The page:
Yeah, I learned a lot from that experience, absolutely, just as much in 2012 as I did in 1999.

Q. Does it make it all that more important to get off to an early start and plant that seed of doubt?
JIM FURYK: You know, there's always an ebb and flow. You get out and there could be three red scores up on the board, and you look up next time and there's four blue and one red, and then you look up again and there's -- there is a tide, but in the middle of the day, I hope we get some red on the board and get some momentum. Be a lot of fun.

I know it puts a lot of pressure on the other team, and it's not like there's a secret potion or, you know, we didn't set up our pairings any different probably than y'all expected. We put out the guys -- some guys early we thought could give us a spark, and you know, maybe had -- I'll just say, we put out some guys we thought could give us a spark.

Q. Ben Crenshaw is here this week?
JIM FURYK: Yes, sir.

Q. Will you have him come in, wave a finger at the team?
JIM FURYK: That's a good idea.

Q. Anybody going to come talk to them tonight, try to inspire them?
JIM FURYK: We've invited, you know -- if I were to be totally honest, the past captains that are here are invited to come visit and see us, and each and every one of them have taken us up on that. They have been around. I think it's good for our younger players that maybe didn't know Ben and Tom Kite and Tom Lehman and Dave Stockton and maybe haven't had the opportunity to be around them. They are such gentlemen. We have invited them to come hang out, have a drink. And they have chatted with the players some. I think it's great to have them around.

If he wants to wave a finger, he's more than invited.

Q. You got asked yesterday about Tiger and if you thought he might have been injured, and while that might not be the case --
JIM FURYK: Pretty sure he wasn't with 36 holes today.

Q. He clearly took a couple hard lashes at a few shots, as well, but he does seem a little off. Obviously last week was a big win. Can you say, is he ill? Is he under the weather at all? I mean, we haven't had a chance to talk to him really. He just looks a little bit not quite the way he's been.
JIM FURYK: I think early in the week, he looked a little tired. His pace looked a little bit slow walking; I think that's expected, you know, coming off a big win. You have to think emotionally what he put into his comeback to this season, the amount of golf he played leading up, trying to make The Ryder Cup Team, trying to, basically, almost win the FedExCup. I mean, he put a lot of work and effort into it and played a lot more golf than he's used to.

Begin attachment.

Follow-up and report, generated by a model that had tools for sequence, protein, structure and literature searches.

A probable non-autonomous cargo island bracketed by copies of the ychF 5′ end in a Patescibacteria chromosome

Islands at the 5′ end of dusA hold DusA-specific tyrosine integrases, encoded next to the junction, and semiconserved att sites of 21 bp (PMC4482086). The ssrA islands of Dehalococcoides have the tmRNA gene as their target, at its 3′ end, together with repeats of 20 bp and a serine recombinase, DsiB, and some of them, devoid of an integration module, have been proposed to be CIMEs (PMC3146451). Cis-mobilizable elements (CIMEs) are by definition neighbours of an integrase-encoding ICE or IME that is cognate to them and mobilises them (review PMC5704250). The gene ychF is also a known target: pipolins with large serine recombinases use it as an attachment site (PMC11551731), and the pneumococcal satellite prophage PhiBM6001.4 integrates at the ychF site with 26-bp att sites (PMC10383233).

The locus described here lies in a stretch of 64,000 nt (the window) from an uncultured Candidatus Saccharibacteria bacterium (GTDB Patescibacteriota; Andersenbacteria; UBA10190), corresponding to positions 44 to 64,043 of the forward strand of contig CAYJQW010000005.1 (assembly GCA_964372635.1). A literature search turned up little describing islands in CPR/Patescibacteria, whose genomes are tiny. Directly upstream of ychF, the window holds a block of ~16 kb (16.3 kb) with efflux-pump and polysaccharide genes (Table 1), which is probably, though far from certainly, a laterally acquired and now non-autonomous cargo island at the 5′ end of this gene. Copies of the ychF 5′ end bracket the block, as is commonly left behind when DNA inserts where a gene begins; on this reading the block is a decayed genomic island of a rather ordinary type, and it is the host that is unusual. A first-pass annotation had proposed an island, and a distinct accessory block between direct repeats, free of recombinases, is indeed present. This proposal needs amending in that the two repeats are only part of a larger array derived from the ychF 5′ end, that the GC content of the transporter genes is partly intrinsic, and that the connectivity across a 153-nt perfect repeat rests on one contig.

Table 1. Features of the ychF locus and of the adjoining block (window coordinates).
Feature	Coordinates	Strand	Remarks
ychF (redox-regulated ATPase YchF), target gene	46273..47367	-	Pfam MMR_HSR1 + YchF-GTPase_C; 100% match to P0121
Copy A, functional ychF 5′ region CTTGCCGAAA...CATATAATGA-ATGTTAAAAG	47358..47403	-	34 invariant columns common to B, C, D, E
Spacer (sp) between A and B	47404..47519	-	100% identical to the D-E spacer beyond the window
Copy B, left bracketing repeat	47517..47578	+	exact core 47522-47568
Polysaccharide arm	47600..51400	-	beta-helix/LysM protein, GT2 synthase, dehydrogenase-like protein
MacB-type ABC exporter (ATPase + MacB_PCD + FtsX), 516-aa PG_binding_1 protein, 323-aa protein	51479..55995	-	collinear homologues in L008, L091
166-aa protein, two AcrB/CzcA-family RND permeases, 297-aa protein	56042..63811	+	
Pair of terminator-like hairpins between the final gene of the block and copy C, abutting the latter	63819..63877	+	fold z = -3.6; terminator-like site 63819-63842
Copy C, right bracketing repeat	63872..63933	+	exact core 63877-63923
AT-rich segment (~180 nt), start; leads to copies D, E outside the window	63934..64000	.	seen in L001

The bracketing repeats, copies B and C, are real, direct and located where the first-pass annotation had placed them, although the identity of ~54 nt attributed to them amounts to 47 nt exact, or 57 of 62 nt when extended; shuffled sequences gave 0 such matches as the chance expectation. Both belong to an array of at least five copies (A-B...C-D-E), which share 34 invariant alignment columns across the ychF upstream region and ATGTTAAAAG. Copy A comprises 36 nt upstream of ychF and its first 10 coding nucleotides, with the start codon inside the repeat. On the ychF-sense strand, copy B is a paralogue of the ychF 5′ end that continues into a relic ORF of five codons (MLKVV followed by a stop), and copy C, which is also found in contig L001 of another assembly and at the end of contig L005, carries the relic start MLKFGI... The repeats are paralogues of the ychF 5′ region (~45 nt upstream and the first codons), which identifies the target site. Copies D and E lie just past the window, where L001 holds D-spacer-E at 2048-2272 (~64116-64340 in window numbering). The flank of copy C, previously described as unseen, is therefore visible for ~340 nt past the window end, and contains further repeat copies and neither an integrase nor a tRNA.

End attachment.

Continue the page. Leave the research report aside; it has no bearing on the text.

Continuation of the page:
And physically, I think Tiger's pretty fit, but that takes a mental toll, and I think he was a little tired earlier this week. I think, you know, the idea to sit -- to rest him, basically, sit is a bad word -- to rest him on Friday afternoon was a good one. I think he was tired. It allowed him to maybe get some energy back, watch his teammates play a little bit, provide a spark as a veteran leader. And you know, we came out today and decided to play him 36. I think his style of game lends itself very well for foursomes. I think he can control the ball very well. That's what you need.

It didn't work out, but you know, I think he might be emotionally a little bit tired. You find a way in a Ryder Cup to gain some energy and some adrenaline, and you know, you work hard. I know he's going to be fit and ready to go tomorrow.

Q. When you look at Tiger's record in the team sessions in this event, not so much at the Presidents Cup, probably not what you would expect from Tiger Woods in his career. What do you attribute that to?
JIM FURYK: This week, I'd have to say Francesco Molinari and Tommy Fleetwood. Those guys played incredible golf, the scores that they shot in both formats were very impressive.

I think I heard that, in one of Tiger's interviews, he felt like he played some pretty good golf, and it wasn't good enough. And I think it's because of those two gentlemen, to be honest with you.

In the past, I honestly -- I'd have to think about that for a little while. You know, it's been a while since we've seen Tiger on one of these teams and healthy enough, but this week I would have to say it's due to the play of the folks he played against.

Q. In general, do you think that rookies to go outside US, it's a good idea, besides how good they are playing championship golf?
JIM FURYK: I'm sorry. I'm not sure I understand. It was about rookies on our team?

Q. Yeah. In general, I mean.
JIM FURYK: Rookies in general at The Ryder Cup?

Q. To go outside the U.S. in The Ryder Cup team.
JIM FURYK: Is it important for rookies if they have played outside the U.S.

Q. If it is a good idea to pick rookies that go outside the U.S. to play in The Ryder Cup team.
JIM FURYK: Oh, I see what you're saying. I see what you're saying.

So we picked two rookies as captain's picks, and do I think that's a good idea to bring them to Europe at an away match for The Ryder Cup -- is that the question?